I was looking to re-create fond memories of getting a food truck “plate lunch brah” that included grilled white fish, white sticky rice and kimchee….I did not find that but you must visit Da Crack in a very un-assuming strip mall. The market next door is a great place to get a smoothie as well.  Da Crack has a unique ordering system very similar to the Soup Nazi episodes on Seinfeld except the local folks are very friendly.  But, with the long lines to order food, you dare not hold up the line with indecision.  Ha!

      (amazing to me....I took no food photos on this trip...seemed too Mainland-ish...lol - but, just another photo...)

    • The rambling and diverse hiking trail from Shipwrecks can provide miles of hiking on the Maha’ulepu Coastal Trail providing plenty of great photo opportunities and even the ability to cliff jump to the surf below!

    • On Thursday I got to walking around Old Koloa Town and stumbled upon the Crystal Harmonics Sound Art Gallery and went inside.  Dawn sat me down as she demonstrated several of their quartz crystal singing bowls and within minutes I was having an emotional experience.  As she created a melody with several bowls, I actually wanted to cry as some sort of emotional response – not happy, not sad but like an emotional gurgling.  It was amazing.  I returned back that Sunday and even though I did not have the same emotional response, there was no doubt in the power of these singing bowls at 432Hz. If you are in Koloa, and, you have the ability to get centered, please visit their gallery!  They also lead a group meditation on Wednesdays.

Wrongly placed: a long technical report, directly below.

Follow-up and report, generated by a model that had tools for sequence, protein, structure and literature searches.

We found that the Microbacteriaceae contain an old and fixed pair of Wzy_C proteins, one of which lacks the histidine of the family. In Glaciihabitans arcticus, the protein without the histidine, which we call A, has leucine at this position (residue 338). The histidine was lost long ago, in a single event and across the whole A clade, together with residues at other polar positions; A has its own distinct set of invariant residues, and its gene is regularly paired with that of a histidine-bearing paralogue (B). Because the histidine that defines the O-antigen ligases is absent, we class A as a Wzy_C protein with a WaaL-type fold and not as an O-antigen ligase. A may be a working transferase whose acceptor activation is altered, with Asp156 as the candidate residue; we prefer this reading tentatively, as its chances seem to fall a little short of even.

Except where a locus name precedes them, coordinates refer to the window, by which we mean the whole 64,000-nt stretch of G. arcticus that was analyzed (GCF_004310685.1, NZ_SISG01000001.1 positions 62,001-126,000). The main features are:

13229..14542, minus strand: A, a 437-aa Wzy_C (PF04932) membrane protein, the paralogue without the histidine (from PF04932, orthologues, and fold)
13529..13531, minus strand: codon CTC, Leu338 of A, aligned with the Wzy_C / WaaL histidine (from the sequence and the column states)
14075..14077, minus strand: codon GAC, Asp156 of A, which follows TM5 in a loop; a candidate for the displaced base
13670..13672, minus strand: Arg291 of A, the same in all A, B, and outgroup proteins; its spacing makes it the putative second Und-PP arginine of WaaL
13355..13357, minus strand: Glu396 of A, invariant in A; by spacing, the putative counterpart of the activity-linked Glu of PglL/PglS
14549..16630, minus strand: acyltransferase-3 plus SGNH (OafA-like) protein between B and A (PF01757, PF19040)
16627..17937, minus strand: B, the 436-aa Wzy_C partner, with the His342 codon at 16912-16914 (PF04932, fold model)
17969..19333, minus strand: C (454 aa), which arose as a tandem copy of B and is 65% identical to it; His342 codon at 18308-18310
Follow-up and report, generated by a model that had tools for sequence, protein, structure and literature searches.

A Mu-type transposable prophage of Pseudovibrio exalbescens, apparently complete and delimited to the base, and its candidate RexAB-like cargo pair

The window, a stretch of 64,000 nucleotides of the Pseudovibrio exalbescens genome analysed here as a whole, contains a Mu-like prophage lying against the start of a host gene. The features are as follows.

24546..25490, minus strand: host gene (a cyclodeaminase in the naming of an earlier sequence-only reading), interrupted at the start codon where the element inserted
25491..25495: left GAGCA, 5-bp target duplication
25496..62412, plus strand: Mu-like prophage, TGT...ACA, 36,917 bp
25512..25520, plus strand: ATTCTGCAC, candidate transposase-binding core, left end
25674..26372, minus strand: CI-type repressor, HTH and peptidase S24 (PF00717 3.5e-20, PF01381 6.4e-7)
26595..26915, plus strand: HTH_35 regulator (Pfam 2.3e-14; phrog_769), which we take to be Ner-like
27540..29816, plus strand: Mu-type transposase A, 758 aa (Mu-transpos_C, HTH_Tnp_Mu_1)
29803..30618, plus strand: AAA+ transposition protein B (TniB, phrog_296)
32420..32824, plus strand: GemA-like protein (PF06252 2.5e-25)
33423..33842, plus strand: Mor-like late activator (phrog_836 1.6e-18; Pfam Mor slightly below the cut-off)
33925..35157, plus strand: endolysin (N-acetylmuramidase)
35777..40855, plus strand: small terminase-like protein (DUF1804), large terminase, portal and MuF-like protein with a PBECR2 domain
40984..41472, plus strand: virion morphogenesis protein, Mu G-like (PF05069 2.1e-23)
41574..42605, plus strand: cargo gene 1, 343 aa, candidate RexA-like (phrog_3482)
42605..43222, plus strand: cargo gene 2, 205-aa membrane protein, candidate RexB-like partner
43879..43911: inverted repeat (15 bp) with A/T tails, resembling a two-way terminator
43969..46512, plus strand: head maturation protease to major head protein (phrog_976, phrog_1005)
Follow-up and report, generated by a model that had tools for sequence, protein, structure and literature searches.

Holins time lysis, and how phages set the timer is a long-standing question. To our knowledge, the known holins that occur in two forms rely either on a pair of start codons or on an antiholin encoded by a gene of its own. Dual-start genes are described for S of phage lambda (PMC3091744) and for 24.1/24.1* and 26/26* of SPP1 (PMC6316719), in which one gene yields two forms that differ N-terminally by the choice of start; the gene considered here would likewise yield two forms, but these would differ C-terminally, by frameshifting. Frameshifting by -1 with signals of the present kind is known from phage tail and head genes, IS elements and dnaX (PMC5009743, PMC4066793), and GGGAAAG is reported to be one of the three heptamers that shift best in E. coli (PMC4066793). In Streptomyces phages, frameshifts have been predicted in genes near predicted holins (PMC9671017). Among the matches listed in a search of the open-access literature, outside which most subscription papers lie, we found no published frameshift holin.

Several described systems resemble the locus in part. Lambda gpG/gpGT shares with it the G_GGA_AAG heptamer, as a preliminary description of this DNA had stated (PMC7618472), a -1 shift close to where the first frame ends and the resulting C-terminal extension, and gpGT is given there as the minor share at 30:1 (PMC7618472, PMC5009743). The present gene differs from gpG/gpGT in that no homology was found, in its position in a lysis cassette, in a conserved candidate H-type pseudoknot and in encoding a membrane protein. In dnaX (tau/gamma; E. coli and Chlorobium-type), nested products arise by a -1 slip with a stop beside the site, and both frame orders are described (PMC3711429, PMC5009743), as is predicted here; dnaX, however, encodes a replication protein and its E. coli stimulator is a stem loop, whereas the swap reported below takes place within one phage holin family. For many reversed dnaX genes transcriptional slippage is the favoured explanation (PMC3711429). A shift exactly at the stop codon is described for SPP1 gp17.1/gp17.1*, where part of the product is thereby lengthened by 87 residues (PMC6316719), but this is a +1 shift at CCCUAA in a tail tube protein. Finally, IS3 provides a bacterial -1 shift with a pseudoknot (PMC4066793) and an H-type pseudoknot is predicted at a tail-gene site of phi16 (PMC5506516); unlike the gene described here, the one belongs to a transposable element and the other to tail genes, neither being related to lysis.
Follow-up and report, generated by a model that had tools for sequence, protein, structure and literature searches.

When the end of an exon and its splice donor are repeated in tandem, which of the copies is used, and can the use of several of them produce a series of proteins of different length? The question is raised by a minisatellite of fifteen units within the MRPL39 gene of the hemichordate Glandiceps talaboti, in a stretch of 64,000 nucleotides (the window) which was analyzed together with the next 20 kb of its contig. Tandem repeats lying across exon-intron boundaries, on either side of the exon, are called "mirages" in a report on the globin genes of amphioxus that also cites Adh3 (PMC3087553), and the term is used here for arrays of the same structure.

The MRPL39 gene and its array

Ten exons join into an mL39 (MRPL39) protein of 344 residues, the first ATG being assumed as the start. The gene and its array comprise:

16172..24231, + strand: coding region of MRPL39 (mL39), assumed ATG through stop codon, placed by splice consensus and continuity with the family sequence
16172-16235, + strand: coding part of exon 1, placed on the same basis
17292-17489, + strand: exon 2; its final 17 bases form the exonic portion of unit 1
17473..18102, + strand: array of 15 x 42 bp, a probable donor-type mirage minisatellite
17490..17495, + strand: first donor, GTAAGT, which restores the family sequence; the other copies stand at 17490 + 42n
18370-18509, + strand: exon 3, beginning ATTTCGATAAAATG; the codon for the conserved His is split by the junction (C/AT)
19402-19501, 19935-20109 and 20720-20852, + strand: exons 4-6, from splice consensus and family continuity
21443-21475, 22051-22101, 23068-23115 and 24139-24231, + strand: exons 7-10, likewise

• Aloha – Live Aloha – No Ka Oi

      Maika`i nô Kaua`i  / So beautiful is Kaua’i

      Hemolele i ka mâlie /  So perfect in the calm

      Kuahiwi nani Wai`ale`ale  / Pretty Mt. Wai’ale’ale

      Lei ana i ka mokihana  / Wears the mokihana lei

      Hanohano wale lei o Hanalei / Glorious is Hanalei

      I ka ua nui hô`eha `ili / Rain that hurts the skin

      I ka wai o `u`inakolo / The rustling water

      I ka poli o Nâ Molokama /  In the bosom of Na Molokama

    • It truly was. The bowls can range in price from $1000 to $10,000....I found "my" bowl and it will run me about $1600 when I am ready. The CD was a good "bookmark" to play for now but the vibration resonance of the real bowls does not compare.

    • I felt like I was there watching roosters, trying to find a food truck to eat from, and looking off off a cliff where people jump into the surf wetting my pants at the thought. Thanks for posting all this, it made for some great morning reading that I will daydream about today.

    • Thanks for this wonderful travel log, Robert! I had no idea Hawaii had such a commitment to renewable energy.

      Your conversation brings me back to my adventures on the islands. I've been to Maui a few times, but every time in the summer. I would have loved to see some surf like you did. Unfortunately, the Pacific is mostly a lake in the summer. These are the biggest waves we've seen and surfed in Hawaii:

      However, every time we've found the kitesurfing to be excellent because of steady winds, day and night. That's Wes representing our local kite manufacturer, Caution Kites of Santa Cruz, CA.